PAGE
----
Using pgfkeys, I would like to have a choice key which, rather than immediately executing some code when a value is selected, stores the selection somewhere and then later on demand I can execute the code associated with said option.

An example should clarify things. I would like to define some sort of handler that allows me to write something like:

  /action/.is choice,
  /action/jump/.on exec = \dojump,
  /action/walk/.on exec = \dowalk,
  /action/run/.on exec  = \dorun

So that when I select an option

\pgfkeys{/action=jump} # remembers that I selected "jump"

the corresponding code \dojump is not executed just yet, but instead the selection is saved and executed only later until I actually say something like:

\pgfkeys{/action/.exec} # actually does the `\dojump`

This should allow the user to choose one option at some point, and change her mind later, and then put the option back. But nothing should be executed until I explicitly ask the code for the selected option to be executed.

Is there a simple way to add handlers to pgfkeys and achieve this? Am I doing things the right way, or I am trying to reinvent the wheel?

  • I can't see what \pgfkeys@split@path is doing here, since you aren't using \pgfkeyscurrentname and \pgfkeys@case@three calls \pgfkeys@split@path. And do exec/.style={\pgfkeyscurrentpath/do exec} smacks of a cyclic call. – Ahmed Musa Nov 2 '12 at 18:28
  • \pgfkeys@split@path splits the current key into path+name; by setting the path to the current key before calling this, effectively this moves the path “one level up”. And the “cyclic call” is no cyclic, precisely for the same reason, I do a .cd up to go one leve up before. – Juan A. Navarro Nov 2 '12 at 23:53

After a few more iterations of my original ideas, I've implemented a solution with which I'm pretty comfortable now, and which is stable enough so that I'm happy to share it as well.

I've turned this into a small package ezkeys, which is a single file containing mostly documentation and a bit of code defining some new pgfkey handlers.

As an example usage, after setting:

  my package/.is family,
  my package,
  align/.is code choice,
  align/left/.code   = \raggedright,
  align/center/.code = \centering,
  align/right/.code  = \raggedleft,
  format/.is code choice,
  format/bold/.code    = \textbf{#1},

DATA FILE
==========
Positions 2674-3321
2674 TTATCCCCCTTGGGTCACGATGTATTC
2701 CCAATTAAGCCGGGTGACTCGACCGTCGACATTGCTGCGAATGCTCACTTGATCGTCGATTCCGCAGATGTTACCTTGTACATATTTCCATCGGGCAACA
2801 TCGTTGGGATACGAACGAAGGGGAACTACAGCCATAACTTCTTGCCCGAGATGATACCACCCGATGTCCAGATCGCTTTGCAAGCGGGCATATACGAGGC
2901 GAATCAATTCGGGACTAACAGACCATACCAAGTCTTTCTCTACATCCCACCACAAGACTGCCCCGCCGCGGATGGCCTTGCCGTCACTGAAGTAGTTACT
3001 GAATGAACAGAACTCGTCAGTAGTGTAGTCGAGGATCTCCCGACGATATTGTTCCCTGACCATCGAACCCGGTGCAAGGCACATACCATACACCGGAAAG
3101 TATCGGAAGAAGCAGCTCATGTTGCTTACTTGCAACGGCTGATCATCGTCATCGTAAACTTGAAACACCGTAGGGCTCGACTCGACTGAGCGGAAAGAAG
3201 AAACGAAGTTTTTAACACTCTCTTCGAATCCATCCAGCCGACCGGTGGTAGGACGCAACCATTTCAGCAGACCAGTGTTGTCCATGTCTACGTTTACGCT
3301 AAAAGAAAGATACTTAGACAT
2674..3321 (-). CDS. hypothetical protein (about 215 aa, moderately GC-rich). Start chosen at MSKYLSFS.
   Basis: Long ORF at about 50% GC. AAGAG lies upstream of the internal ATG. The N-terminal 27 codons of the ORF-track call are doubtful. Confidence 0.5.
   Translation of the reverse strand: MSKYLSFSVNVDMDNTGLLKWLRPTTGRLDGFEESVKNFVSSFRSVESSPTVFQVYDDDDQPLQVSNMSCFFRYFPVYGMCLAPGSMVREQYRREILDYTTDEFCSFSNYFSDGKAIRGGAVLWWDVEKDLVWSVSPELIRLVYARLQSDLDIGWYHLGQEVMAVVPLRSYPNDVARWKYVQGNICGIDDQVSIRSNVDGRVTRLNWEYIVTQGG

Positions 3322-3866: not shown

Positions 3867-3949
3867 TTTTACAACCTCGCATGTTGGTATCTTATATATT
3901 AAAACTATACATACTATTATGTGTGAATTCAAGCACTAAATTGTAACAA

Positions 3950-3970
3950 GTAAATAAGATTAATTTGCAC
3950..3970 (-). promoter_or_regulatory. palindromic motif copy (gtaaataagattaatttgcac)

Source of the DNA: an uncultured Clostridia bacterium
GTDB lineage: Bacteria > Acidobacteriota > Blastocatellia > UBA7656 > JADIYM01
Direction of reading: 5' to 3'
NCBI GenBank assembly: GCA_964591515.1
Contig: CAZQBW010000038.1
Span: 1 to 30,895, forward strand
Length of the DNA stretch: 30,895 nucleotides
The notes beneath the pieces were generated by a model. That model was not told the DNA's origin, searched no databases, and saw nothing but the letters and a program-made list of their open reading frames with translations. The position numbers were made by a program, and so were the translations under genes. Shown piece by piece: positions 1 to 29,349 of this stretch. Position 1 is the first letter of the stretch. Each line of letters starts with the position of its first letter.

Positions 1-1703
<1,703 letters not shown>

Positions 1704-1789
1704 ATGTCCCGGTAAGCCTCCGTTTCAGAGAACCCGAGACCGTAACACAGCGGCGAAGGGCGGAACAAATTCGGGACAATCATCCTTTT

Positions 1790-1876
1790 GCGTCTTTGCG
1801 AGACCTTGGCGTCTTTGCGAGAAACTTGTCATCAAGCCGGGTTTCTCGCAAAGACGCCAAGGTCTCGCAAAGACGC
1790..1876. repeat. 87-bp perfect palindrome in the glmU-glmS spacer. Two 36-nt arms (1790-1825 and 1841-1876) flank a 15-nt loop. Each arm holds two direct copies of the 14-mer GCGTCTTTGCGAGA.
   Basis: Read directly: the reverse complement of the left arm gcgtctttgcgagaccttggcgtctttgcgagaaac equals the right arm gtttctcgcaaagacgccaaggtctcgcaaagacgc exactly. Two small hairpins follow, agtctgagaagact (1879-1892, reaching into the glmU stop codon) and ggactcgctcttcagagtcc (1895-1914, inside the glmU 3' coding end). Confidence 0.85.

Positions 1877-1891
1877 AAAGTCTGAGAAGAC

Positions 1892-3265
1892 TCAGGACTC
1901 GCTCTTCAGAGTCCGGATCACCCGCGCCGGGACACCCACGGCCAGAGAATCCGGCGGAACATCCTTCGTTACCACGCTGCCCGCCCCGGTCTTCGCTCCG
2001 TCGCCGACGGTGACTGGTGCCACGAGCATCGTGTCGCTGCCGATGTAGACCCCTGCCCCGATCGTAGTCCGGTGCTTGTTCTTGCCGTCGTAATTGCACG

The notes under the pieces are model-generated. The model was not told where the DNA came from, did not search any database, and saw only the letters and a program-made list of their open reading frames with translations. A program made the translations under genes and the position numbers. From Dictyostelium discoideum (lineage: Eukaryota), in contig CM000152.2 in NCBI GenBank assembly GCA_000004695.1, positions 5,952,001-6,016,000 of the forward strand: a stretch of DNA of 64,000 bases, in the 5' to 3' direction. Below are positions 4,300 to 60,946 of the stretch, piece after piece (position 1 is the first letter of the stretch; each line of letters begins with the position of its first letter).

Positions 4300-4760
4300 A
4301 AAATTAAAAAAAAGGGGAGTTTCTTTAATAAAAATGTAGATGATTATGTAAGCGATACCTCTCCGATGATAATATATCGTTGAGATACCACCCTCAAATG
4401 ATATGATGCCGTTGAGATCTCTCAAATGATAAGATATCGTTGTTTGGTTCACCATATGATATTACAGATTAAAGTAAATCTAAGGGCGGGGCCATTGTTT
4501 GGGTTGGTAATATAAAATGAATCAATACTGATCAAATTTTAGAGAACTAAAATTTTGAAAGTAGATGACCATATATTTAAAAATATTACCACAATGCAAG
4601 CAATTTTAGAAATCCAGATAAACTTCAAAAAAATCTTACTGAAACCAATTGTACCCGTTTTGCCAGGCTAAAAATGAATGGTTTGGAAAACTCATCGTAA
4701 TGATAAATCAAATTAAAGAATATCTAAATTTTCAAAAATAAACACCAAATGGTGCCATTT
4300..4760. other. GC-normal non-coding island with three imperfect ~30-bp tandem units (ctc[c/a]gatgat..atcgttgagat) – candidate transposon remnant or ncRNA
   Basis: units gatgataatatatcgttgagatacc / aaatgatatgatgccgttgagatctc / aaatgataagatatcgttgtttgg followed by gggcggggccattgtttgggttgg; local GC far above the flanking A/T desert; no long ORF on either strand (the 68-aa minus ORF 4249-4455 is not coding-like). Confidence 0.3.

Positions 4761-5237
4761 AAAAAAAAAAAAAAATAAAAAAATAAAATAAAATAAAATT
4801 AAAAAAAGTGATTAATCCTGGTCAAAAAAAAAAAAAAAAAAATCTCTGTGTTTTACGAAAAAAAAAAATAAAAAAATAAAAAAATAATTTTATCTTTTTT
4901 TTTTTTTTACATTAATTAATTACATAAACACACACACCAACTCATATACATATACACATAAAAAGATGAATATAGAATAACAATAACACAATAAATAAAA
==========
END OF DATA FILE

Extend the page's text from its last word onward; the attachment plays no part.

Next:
format/italics/.code = \textit{#1},

Options can be selected using, e.g.:

\pgfkeys{my package,align=right,format=bold}

which causes the selected options to remebered but not executed. Only later, when requesting it by explcitly evaluating

\pgfkeys{my package,align/.eval,/format/.eval=Hello}

then corresponding subkeys will be executed and expanded, in this example to


Solution (2012/11/02)

I don't think we need pgfkeys for this task, but here is an attempt.

\def\elk@do#1{\@ifnextchar x#1#1}
  \csname @\ifx#1#2gobble\else iden\fi\endcsname
  /nava/action/.is family,
  .define choices/.code={%
          \ifcsname nava-##1\endcsname
            \@latexerr{Choice '##1' already defined}\@ehd
            \expandafter\edef\csname nava-##1\endcsname{%
  .exec method/.code={%
    \foreachelk{#1}{\csname nava-##1\endcsname}%
% \addnewchoices{<choice1/method1,choice2/method2,...>}
\def\addnewchoices#1{\pgfkeys{/nava/action/.define choices={#1}}}
\def\dochoicemethods#1{\pgfkeys{/nava/action/.exec method={#1}}}

% These are optional. Insert at end of every choice:
% Wrap the methods for the choices:

% Define and remember my choices:
\addnewchoices{jump/I'll jump,walk/I'll walk,run/I'm running home}

% Call my choices and execute their methods:
  • Sure, that is what I want to achieve. However (1) I don't want to have to invent a new name (\navaaction) for each similar option that I may want to define. It feels that something like /navarro/action/exec is already a good name that shouldn't clash with other packages. And (2) I'm lazy, if I do this over and over again, I don't want to be writing \def\navaaction all the time. That's why I think it would be better to define a handler that does all the work for me. – Juan A. Navarro Nov 1 '12 at 20:41
  • You can get rid of the macro by writing, say, action/jump/.style = {exec/.code = \dojump}. – Ryan Reich Nov 1 '12 at 23:09
  • And what should I use to call the last action selected by the user? – Juan A. Navarro Nov 2 '12 at 14:44
  • @JuanA.Navarro: The last question isn't clear to me. – Ahmed Musa Nov 2 '12 at 15:08
  • @AhmedMusa, sorry for that. I guess I could have explained myself better. Anyway, thanks for your help, now I've updated my question with something that looks like a solution to me. Would you like to comment on that? – Juan A. Navarro Nov 2 '12 at 16:33

Your Answer

By clicking “Post Your Answer”, you agree to our terms of service, privacy policy and cookie policy

Not the answer you're looking for? Browse other questions tagged or ask your own question.